• It is interesting that you learned Kelley-Morse first and this affected how you view the matter. From my perspective, sets and classes are so different, because you can’t really do much set theory with (proper) classes; you can’t build set-theoretic structure on top of classes, or take power classes or even make singletons, and so on. The kind of set theory that you can do with classes is so limited that they aren’t really the same thing.

              • I’m with Joel on this one. This plays out also in the philosophical literature, where usually proper classes are given a different interpretation from sets in order to (try and) avoid worrying questions for those who want just one maximal maximal universe about why proper classes look so much like sets. Uzquiano does things with plural reference (so a thoroughgoing class nominalism), whereas Welch and Horsten opt for a mereological conception of classes (rather than a combinatorial one). Carl presents an interesting view though, I’ll have a think about it.

      • The math.stackexchange answer is awesome, thanks for that! I’ll add a comment there to clarify my question. I suppose I’m interested if there are any `natural’ looking theories of the same consistency strength of MK (it looks like there are no known ones for the reasons you point out).

        On the issue of second-order quantifiers, you’re right of course about the two formulations being equivalent if we insist on certain semantics. It’s just that I think, philosophically, different interpretations are suggested by the different kinds of syntax. For example, if you’re going for two-sorted first-order it all looks very `class-theoretic’ whereas quantifying into predicate position looks more `property-theoretic’. One might think that one formalism captures one’s preferred interpretation better. This really is all cosmetic though (as you rightly note). Plus I think the term `second-order’ property/set theory is pretty ubiquitous when discussing models/embeddings and so forth.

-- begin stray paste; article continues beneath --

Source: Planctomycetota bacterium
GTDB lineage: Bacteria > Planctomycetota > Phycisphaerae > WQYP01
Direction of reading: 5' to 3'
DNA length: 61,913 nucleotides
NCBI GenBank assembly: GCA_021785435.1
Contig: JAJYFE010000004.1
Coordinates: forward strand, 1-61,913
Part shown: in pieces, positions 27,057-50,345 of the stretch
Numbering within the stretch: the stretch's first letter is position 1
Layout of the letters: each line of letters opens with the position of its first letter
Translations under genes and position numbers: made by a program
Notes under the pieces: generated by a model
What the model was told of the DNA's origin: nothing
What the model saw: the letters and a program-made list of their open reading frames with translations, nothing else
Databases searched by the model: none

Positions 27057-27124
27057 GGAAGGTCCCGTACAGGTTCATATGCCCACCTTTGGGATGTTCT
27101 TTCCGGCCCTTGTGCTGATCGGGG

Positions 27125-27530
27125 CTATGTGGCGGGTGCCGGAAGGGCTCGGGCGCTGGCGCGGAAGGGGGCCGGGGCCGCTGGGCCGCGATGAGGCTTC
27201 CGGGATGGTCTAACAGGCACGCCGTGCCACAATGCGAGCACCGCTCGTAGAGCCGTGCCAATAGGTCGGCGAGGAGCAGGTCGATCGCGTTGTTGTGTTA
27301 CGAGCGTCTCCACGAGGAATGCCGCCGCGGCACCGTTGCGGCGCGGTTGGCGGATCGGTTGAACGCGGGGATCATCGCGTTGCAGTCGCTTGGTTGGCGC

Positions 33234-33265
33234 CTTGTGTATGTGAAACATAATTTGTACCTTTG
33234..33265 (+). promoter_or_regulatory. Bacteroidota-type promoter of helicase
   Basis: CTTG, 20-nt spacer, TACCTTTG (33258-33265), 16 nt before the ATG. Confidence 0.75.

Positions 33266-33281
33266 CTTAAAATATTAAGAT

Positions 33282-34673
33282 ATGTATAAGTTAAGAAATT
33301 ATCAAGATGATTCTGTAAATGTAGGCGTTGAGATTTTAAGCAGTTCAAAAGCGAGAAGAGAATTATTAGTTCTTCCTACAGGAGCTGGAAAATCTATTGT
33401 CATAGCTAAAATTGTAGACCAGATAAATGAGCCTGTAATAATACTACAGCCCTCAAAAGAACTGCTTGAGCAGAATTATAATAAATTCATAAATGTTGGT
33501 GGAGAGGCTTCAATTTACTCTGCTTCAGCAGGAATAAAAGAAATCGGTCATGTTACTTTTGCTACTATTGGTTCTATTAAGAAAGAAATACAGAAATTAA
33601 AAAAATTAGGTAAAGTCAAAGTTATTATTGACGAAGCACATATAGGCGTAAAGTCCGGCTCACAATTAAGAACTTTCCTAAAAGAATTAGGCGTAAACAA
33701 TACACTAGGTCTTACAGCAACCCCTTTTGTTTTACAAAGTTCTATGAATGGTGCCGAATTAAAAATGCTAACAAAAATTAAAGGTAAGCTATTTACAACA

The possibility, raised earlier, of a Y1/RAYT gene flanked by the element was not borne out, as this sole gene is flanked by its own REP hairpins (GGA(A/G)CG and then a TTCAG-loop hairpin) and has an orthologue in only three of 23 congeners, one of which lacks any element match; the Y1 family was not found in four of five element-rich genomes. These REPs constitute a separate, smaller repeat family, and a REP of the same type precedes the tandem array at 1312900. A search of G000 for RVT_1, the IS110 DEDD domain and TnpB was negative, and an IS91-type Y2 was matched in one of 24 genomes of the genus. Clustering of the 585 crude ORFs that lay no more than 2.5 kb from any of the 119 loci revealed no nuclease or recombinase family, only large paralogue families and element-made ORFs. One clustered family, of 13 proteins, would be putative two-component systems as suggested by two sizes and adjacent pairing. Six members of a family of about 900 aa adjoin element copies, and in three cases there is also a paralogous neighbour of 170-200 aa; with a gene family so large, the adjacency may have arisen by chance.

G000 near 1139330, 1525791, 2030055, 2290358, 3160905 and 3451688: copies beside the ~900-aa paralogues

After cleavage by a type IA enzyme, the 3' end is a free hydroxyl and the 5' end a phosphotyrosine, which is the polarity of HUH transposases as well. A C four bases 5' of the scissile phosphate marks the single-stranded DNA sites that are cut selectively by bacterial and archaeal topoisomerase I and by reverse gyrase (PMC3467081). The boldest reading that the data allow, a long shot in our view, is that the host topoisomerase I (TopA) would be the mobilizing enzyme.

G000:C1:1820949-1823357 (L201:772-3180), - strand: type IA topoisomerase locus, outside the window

• “it looks like there are no known ones for the reasons you point out”.

          I mean here “no known ones apart from ones immediately related to KM (e.g. KM+)”. Clearly a proof-theoretic ordinal is out of reach, so I’m inquisitive about any combinatorial principles.

          An example: Suppose that Con(PFA)=>Con(“There is a supercompact”). Then PFA would be the kind of thing I was looking for (now, I was a little muddled before, I was wondering if there might be a weakening of weak inaccessible or something similar that was equiconsistent).

          • Yes, it is a good question: is KM equiconsistent with some large-cardinal-like concept or other (different from KM itself) natural hypothesis?

            I don’t know any examples, but we do have fairly close-in lower and upper bounds, as my answer indicates.